Since my doctorate, more than 25 years ago, I have been working on supersymmetry theories. There are two large branches of supersymmetry theories. One of them hopes to extend the symmetries between the bosons and fermions [each known fermion would have a hypothetical boson as a superpartner, with the same mass and other characteristics, and each boson already discovered would be complemented by a corresponding fermion]. It is a very elegant idea and fits well with string theory [this theory argues that all elementary particles are really small strings that vibrate and can have up to 26 space-time dimensions and multiple universes]. But, for all of this to work well in it, we should have found some supersymmetric particles at energies not much higher than those produced by the Large Hadron Collider (LCH) [located at the European Organization for Nuclear Research (CERN)]. Ten years ago I began working in another branch, parallel to supersymmetry, known as composite models.  In these theories, everything works according to the Standard Model until a certain energy level. Above that point, a thousand times greater than the mass of the Higgs boson, there are strong interactions that change everything. In this case, the Higgs boson, instead of being a fundamental scalar particle, would be composed of other particles.

Would there then be more particles like the Higgs boson?
Yes, there would be sister particles. Actually, they are called additional Higgs bosons. In supersymmetry theories, several Higgs could exist, not just one. At the moment, there are many theoretical options, some better than others — some accommodate dark matter better, for example. The important thing is that now we know the mass of the Higgs boson and also how it interacts with all of the known particles in the Standard Model. With this information, we can play detective and see which theories work better. In each theory that goes beyond the Standard Model, the way in which the Higgs boson interacts with these particles differs somewhat. In this plethora of theories, some are more beautiful than others. Some are very complicated and predict many other particles. And some of these particles would have to be seen at the LHC. When choosing a theory, the way the Higgs boson interacts with other particles changes, as does the number of new particles, including that of new Higgs bosons.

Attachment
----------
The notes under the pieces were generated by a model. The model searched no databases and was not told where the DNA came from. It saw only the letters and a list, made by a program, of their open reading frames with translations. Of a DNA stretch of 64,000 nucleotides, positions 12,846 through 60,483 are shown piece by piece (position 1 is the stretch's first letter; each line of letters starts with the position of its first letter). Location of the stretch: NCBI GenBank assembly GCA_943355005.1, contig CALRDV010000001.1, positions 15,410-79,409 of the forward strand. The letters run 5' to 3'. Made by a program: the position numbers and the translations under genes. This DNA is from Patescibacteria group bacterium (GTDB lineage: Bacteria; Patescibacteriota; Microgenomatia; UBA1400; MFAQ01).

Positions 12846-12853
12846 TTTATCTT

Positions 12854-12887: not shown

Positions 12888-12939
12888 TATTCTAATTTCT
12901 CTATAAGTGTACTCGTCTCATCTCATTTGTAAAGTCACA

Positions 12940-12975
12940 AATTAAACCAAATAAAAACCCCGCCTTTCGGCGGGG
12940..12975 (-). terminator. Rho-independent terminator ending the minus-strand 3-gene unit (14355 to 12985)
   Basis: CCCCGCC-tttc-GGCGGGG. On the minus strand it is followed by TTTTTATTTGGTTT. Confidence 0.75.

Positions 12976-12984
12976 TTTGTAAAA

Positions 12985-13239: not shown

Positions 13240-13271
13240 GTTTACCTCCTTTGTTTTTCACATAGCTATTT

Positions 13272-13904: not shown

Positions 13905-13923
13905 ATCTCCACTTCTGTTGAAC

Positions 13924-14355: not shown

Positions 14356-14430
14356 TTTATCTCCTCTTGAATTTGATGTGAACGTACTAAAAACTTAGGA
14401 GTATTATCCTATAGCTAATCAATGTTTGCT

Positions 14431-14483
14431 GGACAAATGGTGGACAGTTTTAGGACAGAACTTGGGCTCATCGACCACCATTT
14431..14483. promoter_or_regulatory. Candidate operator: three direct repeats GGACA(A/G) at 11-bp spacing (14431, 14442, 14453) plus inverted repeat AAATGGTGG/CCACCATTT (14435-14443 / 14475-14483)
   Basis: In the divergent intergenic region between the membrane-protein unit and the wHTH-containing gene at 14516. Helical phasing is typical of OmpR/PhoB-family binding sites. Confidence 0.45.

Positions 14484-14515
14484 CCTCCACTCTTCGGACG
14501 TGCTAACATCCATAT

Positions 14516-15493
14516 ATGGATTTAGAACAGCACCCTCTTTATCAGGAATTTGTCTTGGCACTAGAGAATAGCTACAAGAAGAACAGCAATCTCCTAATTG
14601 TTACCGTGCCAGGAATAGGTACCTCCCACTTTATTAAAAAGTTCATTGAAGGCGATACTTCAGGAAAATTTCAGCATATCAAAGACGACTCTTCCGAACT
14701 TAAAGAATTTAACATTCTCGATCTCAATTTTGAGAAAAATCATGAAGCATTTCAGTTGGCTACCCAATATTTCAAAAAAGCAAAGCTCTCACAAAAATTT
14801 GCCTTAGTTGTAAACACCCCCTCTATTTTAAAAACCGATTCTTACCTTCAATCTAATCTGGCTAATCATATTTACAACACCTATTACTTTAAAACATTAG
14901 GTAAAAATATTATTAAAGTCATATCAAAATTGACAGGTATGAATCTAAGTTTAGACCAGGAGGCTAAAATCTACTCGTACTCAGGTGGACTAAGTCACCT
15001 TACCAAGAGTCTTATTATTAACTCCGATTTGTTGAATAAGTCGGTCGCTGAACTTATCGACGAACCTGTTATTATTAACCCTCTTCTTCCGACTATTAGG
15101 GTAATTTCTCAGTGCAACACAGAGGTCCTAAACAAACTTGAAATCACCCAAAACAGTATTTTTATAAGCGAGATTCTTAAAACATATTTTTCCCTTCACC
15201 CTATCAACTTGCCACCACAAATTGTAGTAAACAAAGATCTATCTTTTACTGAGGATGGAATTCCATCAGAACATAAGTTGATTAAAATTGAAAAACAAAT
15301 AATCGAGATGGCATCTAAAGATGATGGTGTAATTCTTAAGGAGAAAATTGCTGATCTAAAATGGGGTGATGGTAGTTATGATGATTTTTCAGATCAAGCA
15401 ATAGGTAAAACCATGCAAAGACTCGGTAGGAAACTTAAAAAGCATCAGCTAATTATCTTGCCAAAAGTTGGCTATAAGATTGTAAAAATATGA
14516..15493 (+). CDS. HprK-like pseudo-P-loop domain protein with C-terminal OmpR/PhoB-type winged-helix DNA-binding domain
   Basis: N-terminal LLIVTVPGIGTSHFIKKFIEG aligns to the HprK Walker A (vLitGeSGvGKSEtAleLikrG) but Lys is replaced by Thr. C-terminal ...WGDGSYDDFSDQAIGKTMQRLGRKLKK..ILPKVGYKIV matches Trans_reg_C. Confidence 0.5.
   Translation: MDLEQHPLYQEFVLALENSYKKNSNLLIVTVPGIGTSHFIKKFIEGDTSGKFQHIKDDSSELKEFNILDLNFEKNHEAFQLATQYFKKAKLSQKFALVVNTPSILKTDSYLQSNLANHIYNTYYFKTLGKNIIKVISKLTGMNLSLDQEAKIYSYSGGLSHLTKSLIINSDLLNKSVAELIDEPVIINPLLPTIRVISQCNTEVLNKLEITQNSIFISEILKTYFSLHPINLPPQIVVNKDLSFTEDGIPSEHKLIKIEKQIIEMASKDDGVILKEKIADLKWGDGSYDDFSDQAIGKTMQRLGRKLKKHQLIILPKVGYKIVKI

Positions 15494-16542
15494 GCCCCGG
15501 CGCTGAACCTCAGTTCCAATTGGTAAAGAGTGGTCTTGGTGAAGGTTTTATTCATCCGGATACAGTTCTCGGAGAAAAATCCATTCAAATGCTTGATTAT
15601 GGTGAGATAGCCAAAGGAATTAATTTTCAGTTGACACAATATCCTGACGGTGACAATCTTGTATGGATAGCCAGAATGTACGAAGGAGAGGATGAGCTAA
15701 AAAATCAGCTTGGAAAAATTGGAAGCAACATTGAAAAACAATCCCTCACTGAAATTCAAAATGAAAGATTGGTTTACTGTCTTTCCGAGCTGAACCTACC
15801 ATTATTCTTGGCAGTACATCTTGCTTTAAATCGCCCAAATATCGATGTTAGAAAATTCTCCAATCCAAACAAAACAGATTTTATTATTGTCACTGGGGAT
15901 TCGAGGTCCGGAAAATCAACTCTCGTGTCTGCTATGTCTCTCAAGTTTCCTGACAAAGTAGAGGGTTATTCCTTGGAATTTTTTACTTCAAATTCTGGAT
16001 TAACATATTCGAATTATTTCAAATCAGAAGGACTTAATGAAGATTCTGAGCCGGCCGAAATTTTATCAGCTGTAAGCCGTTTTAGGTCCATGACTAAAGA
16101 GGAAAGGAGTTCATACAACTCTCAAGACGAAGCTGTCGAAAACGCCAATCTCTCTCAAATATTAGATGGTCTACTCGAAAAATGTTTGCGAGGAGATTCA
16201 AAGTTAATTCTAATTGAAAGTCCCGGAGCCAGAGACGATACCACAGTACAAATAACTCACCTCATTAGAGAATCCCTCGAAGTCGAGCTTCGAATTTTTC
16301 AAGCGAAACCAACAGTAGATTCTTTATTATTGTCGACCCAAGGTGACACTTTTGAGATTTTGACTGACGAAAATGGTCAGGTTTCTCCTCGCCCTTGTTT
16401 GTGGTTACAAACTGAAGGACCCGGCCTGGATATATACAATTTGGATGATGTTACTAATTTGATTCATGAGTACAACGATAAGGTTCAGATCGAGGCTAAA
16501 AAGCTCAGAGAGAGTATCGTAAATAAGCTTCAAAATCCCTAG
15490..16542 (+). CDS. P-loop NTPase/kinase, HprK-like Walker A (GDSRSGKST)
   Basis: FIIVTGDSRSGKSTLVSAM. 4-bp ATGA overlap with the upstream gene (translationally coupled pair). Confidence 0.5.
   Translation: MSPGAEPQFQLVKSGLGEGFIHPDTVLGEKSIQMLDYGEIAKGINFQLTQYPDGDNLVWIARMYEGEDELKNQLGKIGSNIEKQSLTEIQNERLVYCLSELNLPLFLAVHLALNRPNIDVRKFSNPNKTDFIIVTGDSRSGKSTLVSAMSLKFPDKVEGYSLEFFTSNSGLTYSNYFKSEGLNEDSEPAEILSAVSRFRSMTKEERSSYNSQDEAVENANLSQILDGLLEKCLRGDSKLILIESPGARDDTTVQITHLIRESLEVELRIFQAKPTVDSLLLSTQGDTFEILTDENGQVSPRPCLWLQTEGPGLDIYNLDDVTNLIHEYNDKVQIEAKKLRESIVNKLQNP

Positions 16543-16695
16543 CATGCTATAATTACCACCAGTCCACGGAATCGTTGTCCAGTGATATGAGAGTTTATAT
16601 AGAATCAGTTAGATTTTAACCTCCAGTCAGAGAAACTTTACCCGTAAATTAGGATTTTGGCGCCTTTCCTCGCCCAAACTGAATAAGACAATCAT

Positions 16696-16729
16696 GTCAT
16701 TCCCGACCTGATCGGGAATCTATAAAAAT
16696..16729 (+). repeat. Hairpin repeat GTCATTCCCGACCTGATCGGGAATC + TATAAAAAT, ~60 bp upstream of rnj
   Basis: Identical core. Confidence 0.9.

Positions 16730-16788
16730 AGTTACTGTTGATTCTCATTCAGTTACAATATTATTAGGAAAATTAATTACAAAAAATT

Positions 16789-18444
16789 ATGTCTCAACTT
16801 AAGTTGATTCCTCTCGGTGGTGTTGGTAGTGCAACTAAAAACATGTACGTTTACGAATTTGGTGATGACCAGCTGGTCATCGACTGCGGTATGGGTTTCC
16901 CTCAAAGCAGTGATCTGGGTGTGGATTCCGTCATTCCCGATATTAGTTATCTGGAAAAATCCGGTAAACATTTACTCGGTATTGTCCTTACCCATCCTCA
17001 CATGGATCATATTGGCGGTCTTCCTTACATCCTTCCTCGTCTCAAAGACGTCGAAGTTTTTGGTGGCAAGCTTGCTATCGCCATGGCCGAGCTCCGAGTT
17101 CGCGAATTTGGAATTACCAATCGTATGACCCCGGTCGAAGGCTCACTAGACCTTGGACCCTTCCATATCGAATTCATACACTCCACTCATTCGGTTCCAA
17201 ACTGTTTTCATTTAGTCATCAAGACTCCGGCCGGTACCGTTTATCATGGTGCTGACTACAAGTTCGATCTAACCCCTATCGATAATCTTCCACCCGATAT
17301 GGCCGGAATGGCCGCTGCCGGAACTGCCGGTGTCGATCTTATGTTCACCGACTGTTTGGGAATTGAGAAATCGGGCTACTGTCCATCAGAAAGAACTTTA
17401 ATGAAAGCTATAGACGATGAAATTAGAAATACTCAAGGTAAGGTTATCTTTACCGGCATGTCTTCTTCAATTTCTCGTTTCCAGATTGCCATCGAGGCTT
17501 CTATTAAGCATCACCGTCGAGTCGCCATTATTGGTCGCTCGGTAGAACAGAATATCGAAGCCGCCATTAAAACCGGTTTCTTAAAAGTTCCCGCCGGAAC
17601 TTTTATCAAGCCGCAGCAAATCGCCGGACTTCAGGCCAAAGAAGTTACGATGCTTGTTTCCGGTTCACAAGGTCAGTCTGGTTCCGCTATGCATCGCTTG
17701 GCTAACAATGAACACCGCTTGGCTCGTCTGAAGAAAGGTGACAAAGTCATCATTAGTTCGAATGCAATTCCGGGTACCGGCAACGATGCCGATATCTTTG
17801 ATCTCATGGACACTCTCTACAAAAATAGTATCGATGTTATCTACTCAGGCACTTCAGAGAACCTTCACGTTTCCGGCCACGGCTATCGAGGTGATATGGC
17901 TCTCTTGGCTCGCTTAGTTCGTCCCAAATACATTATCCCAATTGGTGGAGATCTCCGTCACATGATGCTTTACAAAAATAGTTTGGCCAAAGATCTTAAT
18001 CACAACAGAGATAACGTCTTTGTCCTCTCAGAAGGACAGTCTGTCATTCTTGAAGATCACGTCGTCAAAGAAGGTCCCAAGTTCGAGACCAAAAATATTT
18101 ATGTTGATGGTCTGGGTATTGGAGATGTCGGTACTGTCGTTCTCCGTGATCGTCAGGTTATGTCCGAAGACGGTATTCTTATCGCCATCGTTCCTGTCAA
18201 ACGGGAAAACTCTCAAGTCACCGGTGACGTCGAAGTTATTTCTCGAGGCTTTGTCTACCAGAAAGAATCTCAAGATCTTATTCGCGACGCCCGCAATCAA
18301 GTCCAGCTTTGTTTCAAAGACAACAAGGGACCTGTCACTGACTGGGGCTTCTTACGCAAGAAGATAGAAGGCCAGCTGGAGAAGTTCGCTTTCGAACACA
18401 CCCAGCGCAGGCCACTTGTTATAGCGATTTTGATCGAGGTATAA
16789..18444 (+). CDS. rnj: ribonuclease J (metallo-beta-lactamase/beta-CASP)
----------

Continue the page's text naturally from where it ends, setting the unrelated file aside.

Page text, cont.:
Do these new Higgs bosons have to interact with these unknown particles?
Yes, and also with the known particles. All of these new particles — extra Higgs bosons, fermions and other bosons — are being searched for. The LHC has already tried to find them and has placed many restrictions on our predictions. For example, today we believe that new fermions must have energies over 1 teraelectron-volt (TeV). Whenever someone wants to extend the theories to explain the Universe, I think it is great. But, as a theoretician, I put everything I want in my model and determine what has to be observed in order to support it. If I do not find evidence, the model fails. In 1999, when I was at the LEP [Large Electron-Positron Collider, the CERN accelerator prior to the LHC], we already knew that the Higgs boson had to be between 114 and 200 GeV.

When I began, there were no women in my field that I could look to for inspiration. Today, this situation has changed. My female students already have female role models. For example, Fabiola Gianotti [an Italian physicist who became the new general director of CERN in 2016] is a friend. I think it is important to have more women in the field, but you cannot hire a researcher just because she is as woman. You have to hire someone because he or she is good. Today, many scientific committees want 30% of their members to be women. This is good but, since there are still few of us, the same women end up being called to participate in a very large number of committees.